Euro-limpacs: impact of climate change on European freshwater ecosystems


Natural ecosystems, already under stress from land-use change and pollution, now face additional pressures from climate change, both directly and through interaction with other drivers of change. These pose serious threats to human society, as the availability and quality of freshwater determines the functioning of every ecosystem. Understanding how aquatic ecosystems will respond to climate change is also of major practical relevance for the development of policies needed to protect water quality and aquatic biodiversity. Especially with respect to the successful implementation of new European legislation, including EU Water Framework Directive (EU 2000) and the EU Habitats Directive (EU 1992) and other national and international conventions and protocols. In order to make this adequate legislation, research is needed on the impact of the climate change on the freshwater ecosystems, including the exact current status of the systems, their interaction with other climate change drivers and the indicators for what is needed to re-naturalise them.

Target / objective

The project focuses on the key drivers of aquatic ecosystem change (land-use, nutrients, acid deposition and toxic substances) and examines their interactions with global change using time series analysis, space-for-time substitution, paleaolimnology, experiments and process modeling. It also identifies approaches for achieving good ecological status in freshwater habitats, according to the Water Framework Directive (WFS).


Euro-limpacs brings together a consortium of37 leading scientific research institutes from 19 countries worldwide, aiming to integrate river, lake and wetland ecosystem science at the catchment scale. It considers the interactions of freshwater ecosystems with climate change at three critical time scales:

  • hours/days (concerned with changes in the magnitude and frequency of extreme events),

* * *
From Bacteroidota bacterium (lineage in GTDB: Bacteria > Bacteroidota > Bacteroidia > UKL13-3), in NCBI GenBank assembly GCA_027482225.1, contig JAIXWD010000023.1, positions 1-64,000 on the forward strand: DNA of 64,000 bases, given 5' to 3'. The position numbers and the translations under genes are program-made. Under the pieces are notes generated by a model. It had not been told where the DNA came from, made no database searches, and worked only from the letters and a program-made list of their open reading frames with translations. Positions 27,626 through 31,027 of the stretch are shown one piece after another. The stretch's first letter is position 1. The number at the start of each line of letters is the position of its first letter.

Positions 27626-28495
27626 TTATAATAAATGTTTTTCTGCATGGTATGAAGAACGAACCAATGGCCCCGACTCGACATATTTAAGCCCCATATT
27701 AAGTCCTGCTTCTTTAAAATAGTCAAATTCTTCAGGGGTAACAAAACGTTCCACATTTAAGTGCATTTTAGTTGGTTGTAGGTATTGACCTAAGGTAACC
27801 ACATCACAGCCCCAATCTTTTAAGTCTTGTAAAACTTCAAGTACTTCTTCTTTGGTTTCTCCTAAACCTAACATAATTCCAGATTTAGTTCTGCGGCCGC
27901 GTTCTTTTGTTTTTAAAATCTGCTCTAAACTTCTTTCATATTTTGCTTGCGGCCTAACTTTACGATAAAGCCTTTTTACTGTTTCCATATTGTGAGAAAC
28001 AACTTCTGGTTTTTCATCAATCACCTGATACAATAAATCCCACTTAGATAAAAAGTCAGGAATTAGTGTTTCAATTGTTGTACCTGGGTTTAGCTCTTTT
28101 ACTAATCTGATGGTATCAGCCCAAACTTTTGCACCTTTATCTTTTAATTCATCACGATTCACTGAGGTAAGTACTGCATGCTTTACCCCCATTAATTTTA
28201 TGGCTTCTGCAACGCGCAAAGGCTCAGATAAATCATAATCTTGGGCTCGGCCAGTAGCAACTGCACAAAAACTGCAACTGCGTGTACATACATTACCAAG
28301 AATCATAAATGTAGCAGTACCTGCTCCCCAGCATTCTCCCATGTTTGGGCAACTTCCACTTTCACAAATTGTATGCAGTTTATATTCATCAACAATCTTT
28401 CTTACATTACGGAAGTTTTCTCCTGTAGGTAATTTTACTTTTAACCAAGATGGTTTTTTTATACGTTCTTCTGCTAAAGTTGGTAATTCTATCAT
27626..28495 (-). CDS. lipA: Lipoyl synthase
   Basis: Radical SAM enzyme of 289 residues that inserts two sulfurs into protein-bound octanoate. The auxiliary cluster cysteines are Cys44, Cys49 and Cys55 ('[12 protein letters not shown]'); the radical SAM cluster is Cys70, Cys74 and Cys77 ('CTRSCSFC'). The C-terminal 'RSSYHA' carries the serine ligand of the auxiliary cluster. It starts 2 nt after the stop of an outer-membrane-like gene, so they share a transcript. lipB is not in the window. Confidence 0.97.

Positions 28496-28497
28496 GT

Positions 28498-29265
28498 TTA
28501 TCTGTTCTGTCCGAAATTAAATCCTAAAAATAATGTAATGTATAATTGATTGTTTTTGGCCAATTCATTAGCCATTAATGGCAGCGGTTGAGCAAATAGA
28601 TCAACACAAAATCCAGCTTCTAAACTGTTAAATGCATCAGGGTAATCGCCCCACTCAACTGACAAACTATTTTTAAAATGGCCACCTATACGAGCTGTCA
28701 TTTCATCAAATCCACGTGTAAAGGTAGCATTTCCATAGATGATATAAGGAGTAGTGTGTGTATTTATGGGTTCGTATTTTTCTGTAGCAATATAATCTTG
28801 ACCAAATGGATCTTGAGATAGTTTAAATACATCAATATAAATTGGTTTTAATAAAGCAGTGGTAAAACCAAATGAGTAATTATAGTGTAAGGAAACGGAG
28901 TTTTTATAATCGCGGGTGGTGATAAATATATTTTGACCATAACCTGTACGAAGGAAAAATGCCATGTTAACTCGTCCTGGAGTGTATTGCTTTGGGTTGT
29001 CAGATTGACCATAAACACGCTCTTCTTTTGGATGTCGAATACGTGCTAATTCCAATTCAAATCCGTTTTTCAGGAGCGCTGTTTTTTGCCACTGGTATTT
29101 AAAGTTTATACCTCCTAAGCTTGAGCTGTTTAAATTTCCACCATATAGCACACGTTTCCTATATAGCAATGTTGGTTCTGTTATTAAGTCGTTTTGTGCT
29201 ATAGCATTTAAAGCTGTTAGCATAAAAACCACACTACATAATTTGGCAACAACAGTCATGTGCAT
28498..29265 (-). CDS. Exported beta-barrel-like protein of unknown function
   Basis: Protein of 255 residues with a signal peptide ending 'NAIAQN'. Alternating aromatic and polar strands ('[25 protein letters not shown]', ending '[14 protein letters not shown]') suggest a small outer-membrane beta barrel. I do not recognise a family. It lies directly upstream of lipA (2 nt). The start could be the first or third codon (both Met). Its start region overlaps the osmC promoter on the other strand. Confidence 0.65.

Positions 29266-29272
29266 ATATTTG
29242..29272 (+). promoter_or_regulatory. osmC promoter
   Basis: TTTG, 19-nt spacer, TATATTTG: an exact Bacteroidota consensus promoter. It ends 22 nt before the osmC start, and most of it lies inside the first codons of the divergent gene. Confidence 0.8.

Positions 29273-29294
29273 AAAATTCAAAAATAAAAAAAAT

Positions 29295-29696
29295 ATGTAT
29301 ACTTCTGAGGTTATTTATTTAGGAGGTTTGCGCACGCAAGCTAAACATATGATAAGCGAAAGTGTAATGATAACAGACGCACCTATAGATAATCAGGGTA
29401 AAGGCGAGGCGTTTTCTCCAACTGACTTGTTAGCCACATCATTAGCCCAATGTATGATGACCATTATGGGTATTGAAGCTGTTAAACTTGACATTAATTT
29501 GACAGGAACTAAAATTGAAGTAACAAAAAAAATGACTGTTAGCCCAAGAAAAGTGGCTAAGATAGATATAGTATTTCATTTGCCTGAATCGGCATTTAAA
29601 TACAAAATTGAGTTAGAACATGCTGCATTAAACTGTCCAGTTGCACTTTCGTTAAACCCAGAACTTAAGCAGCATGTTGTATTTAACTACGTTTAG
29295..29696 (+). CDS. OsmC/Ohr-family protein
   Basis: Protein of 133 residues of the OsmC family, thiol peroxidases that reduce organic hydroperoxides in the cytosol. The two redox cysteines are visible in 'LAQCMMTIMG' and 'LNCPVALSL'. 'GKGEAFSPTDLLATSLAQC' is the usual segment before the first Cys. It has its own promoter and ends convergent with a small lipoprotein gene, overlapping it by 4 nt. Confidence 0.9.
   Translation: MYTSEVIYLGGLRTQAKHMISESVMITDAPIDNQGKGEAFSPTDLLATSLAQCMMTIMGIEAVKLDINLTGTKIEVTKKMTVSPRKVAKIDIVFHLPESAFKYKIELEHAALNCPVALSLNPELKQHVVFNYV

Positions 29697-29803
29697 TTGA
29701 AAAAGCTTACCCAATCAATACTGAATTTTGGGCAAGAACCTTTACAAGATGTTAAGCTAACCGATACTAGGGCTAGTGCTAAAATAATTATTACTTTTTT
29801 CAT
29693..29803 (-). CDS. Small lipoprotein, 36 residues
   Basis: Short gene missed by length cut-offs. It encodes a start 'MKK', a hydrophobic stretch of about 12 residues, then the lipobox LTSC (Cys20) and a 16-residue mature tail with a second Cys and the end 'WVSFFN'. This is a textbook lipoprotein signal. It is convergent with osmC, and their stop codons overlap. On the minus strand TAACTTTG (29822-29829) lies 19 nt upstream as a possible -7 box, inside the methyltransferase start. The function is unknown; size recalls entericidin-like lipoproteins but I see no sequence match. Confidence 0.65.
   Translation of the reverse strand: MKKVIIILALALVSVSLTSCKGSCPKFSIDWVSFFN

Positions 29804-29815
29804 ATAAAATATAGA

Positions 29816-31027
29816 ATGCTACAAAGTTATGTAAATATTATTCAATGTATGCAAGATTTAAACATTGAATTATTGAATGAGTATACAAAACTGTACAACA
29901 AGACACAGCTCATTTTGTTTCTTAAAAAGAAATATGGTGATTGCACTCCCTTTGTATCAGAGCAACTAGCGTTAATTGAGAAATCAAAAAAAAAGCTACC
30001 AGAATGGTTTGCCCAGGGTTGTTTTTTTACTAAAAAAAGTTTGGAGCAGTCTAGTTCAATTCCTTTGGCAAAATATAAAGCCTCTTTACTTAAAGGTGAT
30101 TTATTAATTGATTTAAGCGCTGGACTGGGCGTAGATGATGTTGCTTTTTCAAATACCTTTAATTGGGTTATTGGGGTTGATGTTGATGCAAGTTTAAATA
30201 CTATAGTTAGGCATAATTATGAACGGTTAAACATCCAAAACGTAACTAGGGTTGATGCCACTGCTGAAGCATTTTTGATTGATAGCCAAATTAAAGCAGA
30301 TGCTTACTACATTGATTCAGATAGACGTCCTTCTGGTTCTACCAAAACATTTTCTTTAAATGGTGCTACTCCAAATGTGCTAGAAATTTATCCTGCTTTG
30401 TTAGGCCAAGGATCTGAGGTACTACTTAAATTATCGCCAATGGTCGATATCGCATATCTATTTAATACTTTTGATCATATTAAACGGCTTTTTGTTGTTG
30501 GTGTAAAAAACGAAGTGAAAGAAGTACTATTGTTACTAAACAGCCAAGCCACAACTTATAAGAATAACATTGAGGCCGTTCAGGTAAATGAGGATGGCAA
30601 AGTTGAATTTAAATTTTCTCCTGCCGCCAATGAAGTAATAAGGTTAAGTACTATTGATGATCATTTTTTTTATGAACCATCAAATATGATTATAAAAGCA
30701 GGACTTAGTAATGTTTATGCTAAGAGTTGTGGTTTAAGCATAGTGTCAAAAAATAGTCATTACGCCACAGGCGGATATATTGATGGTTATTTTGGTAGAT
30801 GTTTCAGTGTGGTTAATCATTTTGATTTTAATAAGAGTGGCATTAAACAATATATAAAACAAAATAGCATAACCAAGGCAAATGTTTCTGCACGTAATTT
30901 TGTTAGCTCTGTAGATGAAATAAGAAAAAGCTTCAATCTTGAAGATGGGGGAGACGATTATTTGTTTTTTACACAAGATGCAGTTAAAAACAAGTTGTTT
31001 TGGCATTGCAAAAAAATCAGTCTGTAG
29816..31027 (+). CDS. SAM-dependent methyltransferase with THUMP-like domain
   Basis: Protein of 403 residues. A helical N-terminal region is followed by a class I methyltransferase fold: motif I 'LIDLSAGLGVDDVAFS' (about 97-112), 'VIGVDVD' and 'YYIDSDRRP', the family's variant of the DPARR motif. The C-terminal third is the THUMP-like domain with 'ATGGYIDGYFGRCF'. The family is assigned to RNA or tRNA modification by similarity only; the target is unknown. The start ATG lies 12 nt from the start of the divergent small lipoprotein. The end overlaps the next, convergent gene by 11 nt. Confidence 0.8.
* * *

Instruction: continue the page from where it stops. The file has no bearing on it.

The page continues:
• seasons (concerned with changes in ecosystem function and life-cycle strategies of freshwater biota) and
  • years/decades (concerned with ecological response to environmental pressure, including stress reduction and ecosystem recovery).

The project is designed to provide a decision support system, considering future changes and to base policy upon.


Project results take a number of different forms, including reports, deliverables, a bibliography, training and dissemination and key questions arising from project activities.
On a content level, results of the project are new confirmations on various subjects. It is now proven that natural systems are more solid resistant to climate change than some of our traditional ‘man-made’ systems. Also, establishment has been made that most of the biodiversity loss will occur in the Mediterranean area. The nature of the rocks in the Alpine lakes makes them more toxis when exposed temperature rising. Moreover, Euro-limpacs leads to the conclusion that the global warming rather a jerkily than a gradual process.

Follow up

Euro-limpacs is a solid base for next level research, including research into climate gradients (lakes and floods in Europe) by two exactly identical experiments to measure climate change. This is a new approach, which will give the opportunity to a unique ecological combination of standard and real world research.


Funded by

European Commission, Sixth Framework Programme, Global Change and Ecosystems